Divorced/Separated Families and the Holidays
For many, Christmas is “The Most Wonderful Time of the Year”, but this isn’t always the case for families and children of separation and divorce. This can often be a stressful and challenging time, bringing up emotions that are difficult and confusing to deal with.
As a parent or a primary support in a child’s life, there are many things that you can do to help the holidays be a little more “Merry and Bright” for them and your family. Below are tips you might find useful:
• Put your children first.
• Don’t change what doesn’t need changing. Kids like traditions and routine. Ask your kids what they want to keep.
• Create new rituals and routines, but don’t try to cram too much into one day.
• Plan ahead and be very specific with your kids about holiday plans and schedules. Be willing to change those plans if needed.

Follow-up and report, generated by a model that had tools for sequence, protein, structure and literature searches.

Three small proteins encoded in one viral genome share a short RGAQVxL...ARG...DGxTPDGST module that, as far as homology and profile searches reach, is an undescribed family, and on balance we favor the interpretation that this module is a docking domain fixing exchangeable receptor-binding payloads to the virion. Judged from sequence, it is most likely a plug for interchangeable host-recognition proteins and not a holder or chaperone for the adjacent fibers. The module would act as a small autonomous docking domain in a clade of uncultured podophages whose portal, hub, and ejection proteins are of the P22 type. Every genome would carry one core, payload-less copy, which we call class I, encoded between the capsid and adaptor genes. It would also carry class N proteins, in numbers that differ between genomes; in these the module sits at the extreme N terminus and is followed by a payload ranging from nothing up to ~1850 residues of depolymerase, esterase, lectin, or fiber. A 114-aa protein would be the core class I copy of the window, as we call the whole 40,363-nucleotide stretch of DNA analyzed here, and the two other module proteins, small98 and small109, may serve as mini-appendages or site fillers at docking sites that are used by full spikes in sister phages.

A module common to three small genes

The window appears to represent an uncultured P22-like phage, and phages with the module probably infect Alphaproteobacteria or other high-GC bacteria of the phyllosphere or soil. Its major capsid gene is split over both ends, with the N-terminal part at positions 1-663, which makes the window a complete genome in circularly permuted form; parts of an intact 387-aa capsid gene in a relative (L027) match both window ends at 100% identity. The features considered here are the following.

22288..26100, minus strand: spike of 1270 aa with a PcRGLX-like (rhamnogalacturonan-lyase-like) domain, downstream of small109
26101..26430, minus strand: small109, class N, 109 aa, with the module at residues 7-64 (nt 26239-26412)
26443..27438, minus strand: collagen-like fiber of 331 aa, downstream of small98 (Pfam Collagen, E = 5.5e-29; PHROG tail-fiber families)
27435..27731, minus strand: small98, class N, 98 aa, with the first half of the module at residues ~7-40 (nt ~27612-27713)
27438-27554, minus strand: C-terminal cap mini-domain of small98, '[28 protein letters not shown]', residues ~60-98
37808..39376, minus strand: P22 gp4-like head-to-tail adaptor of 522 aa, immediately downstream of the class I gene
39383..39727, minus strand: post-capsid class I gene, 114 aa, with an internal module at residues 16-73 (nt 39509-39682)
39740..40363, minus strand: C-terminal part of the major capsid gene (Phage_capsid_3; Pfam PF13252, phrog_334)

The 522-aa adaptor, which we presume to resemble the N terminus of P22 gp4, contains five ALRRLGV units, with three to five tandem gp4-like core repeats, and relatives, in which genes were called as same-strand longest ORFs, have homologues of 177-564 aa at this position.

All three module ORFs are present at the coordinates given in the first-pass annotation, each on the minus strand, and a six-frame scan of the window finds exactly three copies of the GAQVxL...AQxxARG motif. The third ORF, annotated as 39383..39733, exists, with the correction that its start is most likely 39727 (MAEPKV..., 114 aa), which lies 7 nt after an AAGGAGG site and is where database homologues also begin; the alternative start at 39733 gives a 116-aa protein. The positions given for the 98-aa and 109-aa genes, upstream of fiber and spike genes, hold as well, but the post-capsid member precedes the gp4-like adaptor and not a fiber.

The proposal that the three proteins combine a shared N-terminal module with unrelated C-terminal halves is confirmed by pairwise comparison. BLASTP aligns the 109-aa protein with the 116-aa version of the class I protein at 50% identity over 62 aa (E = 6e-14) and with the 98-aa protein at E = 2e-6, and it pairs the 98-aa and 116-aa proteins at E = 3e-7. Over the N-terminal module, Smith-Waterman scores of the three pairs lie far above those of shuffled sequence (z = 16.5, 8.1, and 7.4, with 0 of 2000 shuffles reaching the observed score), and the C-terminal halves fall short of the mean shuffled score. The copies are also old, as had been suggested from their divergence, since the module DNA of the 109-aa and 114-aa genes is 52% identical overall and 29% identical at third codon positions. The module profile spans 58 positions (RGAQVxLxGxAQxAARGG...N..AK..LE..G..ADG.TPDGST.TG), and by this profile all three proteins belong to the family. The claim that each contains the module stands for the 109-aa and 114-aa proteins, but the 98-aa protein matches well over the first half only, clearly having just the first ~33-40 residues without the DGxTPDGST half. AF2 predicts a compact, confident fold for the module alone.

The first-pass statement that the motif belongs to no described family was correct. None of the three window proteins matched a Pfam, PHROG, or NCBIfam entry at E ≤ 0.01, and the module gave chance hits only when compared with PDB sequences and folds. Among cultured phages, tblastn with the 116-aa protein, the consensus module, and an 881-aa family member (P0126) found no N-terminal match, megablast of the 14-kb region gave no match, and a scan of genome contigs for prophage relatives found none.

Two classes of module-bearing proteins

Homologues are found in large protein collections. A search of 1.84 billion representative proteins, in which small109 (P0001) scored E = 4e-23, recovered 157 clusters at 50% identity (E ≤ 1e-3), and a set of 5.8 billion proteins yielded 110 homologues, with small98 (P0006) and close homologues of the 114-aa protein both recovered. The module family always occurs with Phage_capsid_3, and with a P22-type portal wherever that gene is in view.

• Help kids buy/make gifts for you ex and his/her family.
• Don’t try to make up for your own feelings of guilt or sadness with expensive gifts. Consider coordinating for your kids gifts with your ex. Keep all extended family involved.
• Keep yourself healthy. Try to be upbeat and optimistic about Christmas. Your kids will likely reflect your attitude.
• Think about what your kids are going through and try to imagine how they will remember this Christmas years from now.
• Make every effort to get along with your ex.
• Give your child the gift of permission to love both parents.
Tips For those Working with Children or in a Supporting Role
• Let kids know you are there to listen and help.
• Show kids that you understand their feelings.
• Offer encouraging words.
• Be a source of stability.
• Encourage kids to be kids. Give them some “down time” from the stress of the holiday and the divorce.